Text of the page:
The 5 to 10K training plan will get you ready for the double-digit distance.
When you are confident to run a 5K and are willing to improve your distance, then the 5K to 10K training plan is the best place to look.
From 5 to 10K
This training plan builds further on the Couch to 5K plan and is perfect for beginners who want to double their running distance. Just like the C25K-program, the 5 to 10K training plan also takes 9 weeks to complete with 3 workout days per week.
In the plan that is linked at the bottom of this page, you run on Mondays, Wednesdays and Saturdays. With rest days on the other days. You are free to shift these days around. If you want to run Sundays, you can. You want to have your rest days on the weekend? You can do that as well! As long as you keep at least one rest day in between two running days, you are free to do whatever you want.
Recovery and rest days
When you’re getting the hang of it, you might be tempted to skip a rest day or only rest one day instead of the two that were planned. I would advise to not skip on those resting days as this might increase the risk of injury. Those resting days are in there to give your legs the time they need to recover and become stronger.
Also try not to skip any of the runs itself. You are free to shift some days around but if you skip running days, you might find it hard to keep up with the plan. If you have to shift or skip too many days around your schedule, you might need to go back a week or two. Just continue from there and you will be back on track in no time.
If you find an exercise too difficult to complete, you can also go back a week or two and start over from there. Remember that this is a training and not a race. After each run you should feel accomplished, not exhausted.
Types of runs
Each run will start with a 5 minute warm up. The goal of a warm up is to, well… warm up your muscles. If you just start running for an hour after sitting behind your desk all day, you might increase the risk of injury. That’s why it’s advised to do a quick warm-up before you start your workout. A warm-up can consist of some dynamic stretches and/or a fast paced walk. Just try to get your muscles moving as much as possible..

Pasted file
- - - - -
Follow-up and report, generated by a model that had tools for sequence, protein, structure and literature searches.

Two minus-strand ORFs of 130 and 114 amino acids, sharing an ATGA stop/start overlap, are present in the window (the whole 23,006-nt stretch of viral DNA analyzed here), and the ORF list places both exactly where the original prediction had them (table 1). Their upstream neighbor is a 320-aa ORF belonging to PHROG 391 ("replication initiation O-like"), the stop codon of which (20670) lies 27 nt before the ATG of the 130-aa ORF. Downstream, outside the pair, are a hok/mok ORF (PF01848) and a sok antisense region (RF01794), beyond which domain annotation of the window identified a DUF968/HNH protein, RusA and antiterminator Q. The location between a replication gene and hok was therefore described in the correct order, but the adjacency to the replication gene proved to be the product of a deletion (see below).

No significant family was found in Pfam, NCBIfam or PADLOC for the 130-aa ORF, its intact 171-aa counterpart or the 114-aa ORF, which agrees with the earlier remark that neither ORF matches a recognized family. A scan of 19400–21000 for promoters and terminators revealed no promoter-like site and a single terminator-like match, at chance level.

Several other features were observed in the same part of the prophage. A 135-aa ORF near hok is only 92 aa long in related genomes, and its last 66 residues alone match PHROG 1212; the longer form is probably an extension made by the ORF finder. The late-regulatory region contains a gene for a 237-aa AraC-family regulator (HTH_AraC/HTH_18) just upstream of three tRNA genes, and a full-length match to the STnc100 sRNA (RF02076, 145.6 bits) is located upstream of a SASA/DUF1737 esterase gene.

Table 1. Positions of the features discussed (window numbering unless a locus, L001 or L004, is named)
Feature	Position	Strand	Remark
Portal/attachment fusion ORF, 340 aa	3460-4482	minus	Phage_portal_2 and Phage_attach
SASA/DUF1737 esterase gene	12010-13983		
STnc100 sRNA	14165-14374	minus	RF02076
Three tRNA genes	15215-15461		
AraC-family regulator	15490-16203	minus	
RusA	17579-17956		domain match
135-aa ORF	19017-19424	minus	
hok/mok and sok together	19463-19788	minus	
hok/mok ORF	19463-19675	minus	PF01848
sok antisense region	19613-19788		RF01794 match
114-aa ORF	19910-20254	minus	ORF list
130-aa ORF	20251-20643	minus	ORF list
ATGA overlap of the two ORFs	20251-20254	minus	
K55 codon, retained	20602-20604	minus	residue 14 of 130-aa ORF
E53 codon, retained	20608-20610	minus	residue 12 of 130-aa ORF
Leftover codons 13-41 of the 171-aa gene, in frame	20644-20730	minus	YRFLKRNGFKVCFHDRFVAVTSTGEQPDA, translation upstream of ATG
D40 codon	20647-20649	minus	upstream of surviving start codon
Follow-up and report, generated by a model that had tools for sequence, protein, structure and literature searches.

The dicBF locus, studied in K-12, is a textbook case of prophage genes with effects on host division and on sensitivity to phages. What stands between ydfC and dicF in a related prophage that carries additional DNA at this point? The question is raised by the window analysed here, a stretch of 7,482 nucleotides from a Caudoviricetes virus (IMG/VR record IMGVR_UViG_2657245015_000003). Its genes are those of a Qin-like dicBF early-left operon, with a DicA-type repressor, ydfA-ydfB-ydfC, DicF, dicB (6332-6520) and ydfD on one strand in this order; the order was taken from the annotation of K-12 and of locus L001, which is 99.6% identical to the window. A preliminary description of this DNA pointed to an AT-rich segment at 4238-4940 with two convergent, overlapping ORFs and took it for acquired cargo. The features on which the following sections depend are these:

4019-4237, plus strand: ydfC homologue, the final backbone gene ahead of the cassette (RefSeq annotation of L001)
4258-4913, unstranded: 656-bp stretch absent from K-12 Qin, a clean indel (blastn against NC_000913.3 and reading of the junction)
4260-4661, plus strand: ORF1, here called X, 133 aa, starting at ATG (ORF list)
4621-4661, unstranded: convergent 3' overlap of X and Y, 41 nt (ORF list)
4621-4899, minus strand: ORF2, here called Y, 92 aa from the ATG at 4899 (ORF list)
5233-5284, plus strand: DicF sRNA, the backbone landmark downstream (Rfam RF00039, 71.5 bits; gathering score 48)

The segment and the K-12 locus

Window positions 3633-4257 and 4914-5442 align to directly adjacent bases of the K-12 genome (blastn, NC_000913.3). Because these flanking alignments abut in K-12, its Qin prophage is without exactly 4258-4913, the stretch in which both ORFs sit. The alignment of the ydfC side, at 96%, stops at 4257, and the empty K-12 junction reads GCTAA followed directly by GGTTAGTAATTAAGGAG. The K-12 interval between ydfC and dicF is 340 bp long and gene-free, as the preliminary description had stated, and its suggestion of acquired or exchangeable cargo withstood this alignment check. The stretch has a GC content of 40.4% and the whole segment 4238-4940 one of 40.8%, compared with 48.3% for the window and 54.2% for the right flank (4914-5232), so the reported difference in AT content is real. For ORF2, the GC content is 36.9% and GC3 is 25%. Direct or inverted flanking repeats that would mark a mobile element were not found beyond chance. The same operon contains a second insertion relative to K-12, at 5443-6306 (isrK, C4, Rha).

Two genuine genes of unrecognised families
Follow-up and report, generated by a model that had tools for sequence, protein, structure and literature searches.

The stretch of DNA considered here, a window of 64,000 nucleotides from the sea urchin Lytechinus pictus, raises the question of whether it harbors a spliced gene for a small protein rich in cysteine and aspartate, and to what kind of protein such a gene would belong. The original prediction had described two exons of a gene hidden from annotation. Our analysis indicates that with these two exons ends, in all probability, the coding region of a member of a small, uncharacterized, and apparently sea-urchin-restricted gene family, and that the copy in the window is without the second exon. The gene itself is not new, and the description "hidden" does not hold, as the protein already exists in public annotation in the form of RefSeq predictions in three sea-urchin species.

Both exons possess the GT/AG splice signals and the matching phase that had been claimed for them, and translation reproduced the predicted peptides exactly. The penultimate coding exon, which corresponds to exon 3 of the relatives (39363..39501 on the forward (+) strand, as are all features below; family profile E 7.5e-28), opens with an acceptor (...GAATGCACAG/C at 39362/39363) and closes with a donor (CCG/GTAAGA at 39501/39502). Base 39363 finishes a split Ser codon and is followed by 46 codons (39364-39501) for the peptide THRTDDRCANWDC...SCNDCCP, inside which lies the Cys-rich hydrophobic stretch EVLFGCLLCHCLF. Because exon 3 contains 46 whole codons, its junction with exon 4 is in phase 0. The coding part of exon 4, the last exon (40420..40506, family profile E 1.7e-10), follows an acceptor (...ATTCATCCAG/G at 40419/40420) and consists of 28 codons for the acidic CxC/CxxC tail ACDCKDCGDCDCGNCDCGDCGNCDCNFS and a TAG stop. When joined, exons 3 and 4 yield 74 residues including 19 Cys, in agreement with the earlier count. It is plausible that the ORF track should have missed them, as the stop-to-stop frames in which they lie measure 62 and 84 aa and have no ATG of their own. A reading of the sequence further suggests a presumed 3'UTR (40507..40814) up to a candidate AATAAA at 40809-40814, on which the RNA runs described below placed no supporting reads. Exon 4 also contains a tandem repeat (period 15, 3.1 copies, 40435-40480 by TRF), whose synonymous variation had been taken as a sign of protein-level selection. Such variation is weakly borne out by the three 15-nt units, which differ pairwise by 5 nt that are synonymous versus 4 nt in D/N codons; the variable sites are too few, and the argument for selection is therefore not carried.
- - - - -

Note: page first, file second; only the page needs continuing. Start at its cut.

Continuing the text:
After the warm up you can start the actual run. There are 2 types of runs in the 5k to 10k training plan: slow runs and interval runs.
- Slow runs: These runs are planned on day 1 and 6. Slow runs make you used to the longer distance. Try to actually run slow during these runs. You should always be able to have a conversation without feeling out of breath. If you have a heart rate monitor, try to keep your heart rate in zone 2 and 3. If you don’t know what that means, you can read more about heart rate zones here [link to heart rate zone page].
- Interval runs: The interval runs are planned on the third day of the week. Here, you will switch between your slow running pace and a speedy run. Try to actually run slow during the slow parts. Use the same technique as you do during the other slow runs in the plan.
During the fast periods, it’s more important to raise your heart rate than to actually go very fast. Try to maintain the same speed during the faster parts. So, try not to exhaust yourself as some of those fast periods take 10 minutes. Having a conversation should be more difficult, but even here you should never feel like you’re unable to talk to someone. If you have a heart rate monitor, try to keep your heart rate in zone 3 or 4.
After each run, there is a 5 minute cool down period. Just like with the warm up at the start of the workout, the cool down period is here to help your muscles transition from the hard work they had to perform back to your daily routine. I mostly use the cooldown period to walk back home and do some light stretches when I arrive.
Underneath you can find a PDF for you to download and print out. Put it up somewhere and cross out every exercise you completed successfully. This will help with motivation as you will be able to see your progress. At the end of the plan you will be able to run quite a distance.